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Who Gets Health Care?

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  • Robert W. Fogel
  • Chulhee Lee

Abstract

Around the world, as in the United States, concern is growing about who gets health care. Individuals from different socioeconomic backgrounds face distressingly different prospects of living a healthy life. Disparities in various measures of health between the privileged and the deprived still remain wide, despite the long-term tendency toward a healthier society. Some investigators believe the shift in the health care system in industrial countries from the principle of universal access to a more market-oriented system may be one cause of the growing disparities; rising income inequality is another potential culprit. Policy makers worldwide speak of more efficiently delivering essential' health care---but disagree on what counts as essential and on the optimal mix of private and government components of service. After reviewing the economic and epidemiological literature on disparities in health and health care systems, the question of how to define essential' health care is considered. The paper concludes with a discussion of the policy implications of the analysis.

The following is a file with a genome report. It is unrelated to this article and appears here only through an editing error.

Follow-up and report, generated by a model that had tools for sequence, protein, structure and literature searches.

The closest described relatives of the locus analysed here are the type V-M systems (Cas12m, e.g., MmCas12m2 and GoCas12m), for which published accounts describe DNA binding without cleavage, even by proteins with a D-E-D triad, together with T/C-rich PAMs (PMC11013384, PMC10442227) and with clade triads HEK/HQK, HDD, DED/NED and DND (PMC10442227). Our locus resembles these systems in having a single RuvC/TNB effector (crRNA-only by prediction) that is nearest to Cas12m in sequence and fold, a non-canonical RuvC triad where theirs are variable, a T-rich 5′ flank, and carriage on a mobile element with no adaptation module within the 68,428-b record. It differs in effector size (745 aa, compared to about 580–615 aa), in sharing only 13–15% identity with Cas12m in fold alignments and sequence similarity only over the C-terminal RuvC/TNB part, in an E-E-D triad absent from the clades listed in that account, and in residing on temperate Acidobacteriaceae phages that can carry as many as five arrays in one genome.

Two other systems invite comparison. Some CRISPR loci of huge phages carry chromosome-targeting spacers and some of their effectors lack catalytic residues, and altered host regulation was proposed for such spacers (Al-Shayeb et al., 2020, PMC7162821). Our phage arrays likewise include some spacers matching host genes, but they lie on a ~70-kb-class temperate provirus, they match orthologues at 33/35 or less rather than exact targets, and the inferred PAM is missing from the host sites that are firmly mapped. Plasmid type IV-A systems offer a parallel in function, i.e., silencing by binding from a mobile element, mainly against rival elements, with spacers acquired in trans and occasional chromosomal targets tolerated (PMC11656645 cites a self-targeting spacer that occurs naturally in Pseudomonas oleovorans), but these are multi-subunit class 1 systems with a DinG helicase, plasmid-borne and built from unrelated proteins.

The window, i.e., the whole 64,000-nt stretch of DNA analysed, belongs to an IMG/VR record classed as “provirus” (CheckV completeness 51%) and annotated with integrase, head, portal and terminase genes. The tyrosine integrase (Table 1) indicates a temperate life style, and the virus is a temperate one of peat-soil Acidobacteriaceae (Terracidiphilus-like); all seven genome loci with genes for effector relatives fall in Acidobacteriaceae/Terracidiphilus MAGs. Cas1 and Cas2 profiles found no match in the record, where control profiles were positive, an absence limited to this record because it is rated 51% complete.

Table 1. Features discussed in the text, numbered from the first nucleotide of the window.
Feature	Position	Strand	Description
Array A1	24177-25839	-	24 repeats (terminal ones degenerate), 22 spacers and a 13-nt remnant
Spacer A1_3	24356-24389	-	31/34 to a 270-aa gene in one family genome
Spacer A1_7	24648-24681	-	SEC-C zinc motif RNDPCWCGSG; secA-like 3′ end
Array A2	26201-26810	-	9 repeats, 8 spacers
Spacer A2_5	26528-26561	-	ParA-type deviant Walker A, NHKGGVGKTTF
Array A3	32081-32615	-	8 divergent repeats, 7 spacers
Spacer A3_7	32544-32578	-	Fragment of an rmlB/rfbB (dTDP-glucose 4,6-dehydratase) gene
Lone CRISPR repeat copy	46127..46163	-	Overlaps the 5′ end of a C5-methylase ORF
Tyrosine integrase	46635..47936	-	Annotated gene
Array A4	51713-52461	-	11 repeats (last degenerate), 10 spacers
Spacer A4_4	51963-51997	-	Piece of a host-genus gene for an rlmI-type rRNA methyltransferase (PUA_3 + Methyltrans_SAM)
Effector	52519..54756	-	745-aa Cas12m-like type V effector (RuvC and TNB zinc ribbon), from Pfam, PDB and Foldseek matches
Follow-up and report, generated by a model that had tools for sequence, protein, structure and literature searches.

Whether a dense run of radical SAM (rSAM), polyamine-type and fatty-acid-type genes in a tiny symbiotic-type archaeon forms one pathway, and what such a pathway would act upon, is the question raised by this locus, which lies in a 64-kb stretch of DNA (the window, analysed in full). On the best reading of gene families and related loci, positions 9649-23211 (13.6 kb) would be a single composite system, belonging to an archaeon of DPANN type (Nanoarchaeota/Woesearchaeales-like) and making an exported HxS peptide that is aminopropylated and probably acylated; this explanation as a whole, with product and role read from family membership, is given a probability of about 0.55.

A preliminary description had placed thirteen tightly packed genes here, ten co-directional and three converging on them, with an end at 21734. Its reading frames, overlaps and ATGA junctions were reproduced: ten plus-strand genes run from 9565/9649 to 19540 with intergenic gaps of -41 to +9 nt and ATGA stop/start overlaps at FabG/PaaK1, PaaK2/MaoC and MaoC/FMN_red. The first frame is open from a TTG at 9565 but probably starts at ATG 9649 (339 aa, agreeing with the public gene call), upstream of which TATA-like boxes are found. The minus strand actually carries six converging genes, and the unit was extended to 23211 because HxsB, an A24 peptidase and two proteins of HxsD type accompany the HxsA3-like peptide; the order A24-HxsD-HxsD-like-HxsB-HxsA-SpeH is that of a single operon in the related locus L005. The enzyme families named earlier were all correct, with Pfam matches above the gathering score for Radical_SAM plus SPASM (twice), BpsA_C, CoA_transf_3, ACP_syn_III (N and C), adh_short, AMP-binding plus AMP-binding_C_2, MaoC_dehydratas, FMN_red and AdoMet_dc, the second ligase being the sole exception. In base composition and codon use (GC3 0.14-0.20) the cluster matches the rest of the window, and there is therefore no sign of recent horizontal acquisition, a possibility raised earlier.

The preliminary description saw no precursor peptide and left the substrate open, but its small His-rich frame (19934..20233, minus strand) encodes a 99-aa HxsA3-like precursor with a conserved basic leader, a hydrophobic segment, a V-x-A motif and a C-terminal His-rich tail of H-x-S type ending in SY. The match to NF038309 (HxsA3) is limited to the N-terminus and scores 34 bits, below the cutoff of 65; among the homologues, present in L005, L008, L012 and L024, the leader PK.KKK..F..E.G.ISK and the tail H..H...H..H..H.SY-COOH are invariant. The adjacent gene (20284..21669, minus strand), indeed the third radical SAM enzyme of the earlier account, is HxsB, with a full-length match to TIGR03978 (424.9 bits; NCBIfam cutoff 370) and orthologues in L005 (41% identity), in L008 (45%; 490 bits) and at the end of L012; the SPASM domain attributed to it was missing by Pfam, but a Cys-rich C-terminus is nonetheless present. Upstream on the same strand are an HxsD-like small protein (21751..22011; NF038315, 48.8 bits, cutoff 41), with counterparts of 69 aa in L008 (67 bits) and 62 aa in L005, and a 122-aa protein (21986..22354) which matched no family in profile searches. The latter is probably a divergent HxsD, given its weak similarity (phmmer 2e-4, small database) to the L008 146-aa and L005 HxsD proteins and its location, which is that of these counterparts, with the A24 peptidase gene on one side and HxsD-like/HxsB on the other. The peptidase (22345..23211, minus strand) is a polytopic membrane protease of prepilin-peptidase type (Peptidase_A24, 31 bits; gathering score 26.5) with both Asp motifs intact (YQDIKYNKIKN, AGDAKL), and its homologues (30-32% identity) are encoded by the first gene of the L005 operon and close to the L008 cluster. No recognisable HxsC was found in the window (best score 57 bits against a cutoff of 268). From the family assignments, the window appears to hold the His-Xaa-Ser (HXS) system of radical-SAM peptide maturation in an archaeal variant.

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Bibliographic Info

Paper provided by National Bureau of Economic Research, Inc in its series NBER Working Papers with number 9870.

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Date of creation: Jul 2003
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Handle: RePEc:nbr:nberwo:9870

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Cited by:
  1. Neil J. Buckley & Frank T. Denton & A. Leslie Robb & Byron G. Spencer, 2003. "Socioeconomic Influence on the Health of Older People: Estimates Based on Two Longitudinal Surveys," Social and Economic Dimensions of an Aging Population Research Papers, McMaster University 112, McMaster University.
  2. John Komlos & Marieluise Baur, 2003. "From the Tallest to (One of) the Fattest: The Enigmatic Fate of the American Population in the 20th Century," CESifo Working Paper Series 1028, CESifo Group Munich.
  3. Ianina Rossi & Fernanda Tellechea & Fiorella Tramontin & Patricia Triunfo, 2006. "El estado de salud de los uruguayos," Documentos de Trabajo (working papers), Department of Economics - dECON 2106, Department of Economics - dECON.
  4. Neil J Buckley & Frank T Denton & A Leslie Robb & Byron G Spencer, 2005. "Socioeconomic Influences on the Health of Older Canadians: Estimates Based on Two Longitudinal Surveys," Quantitative Studies in Economics and Population Research Reports, McMaster University 402, McMaster University.
  5. R. Todd Jewel & Patricia Triunfo & Máximo Rossi, 2005. "El estado de salud de los jóvenes uruguayos," Documentos de Trabajo (working papers), Department of Economics - dECON 1305, Department of Economics - dECON.
  6. Máximo Rossi & Patricia Triunfo, 2004. "El Estado de Salud del Adulto Mayor en Uruguay," Documentos de Trabajo (working papers), Department of Economics - dECON 1404, Department of Economics - dECON.

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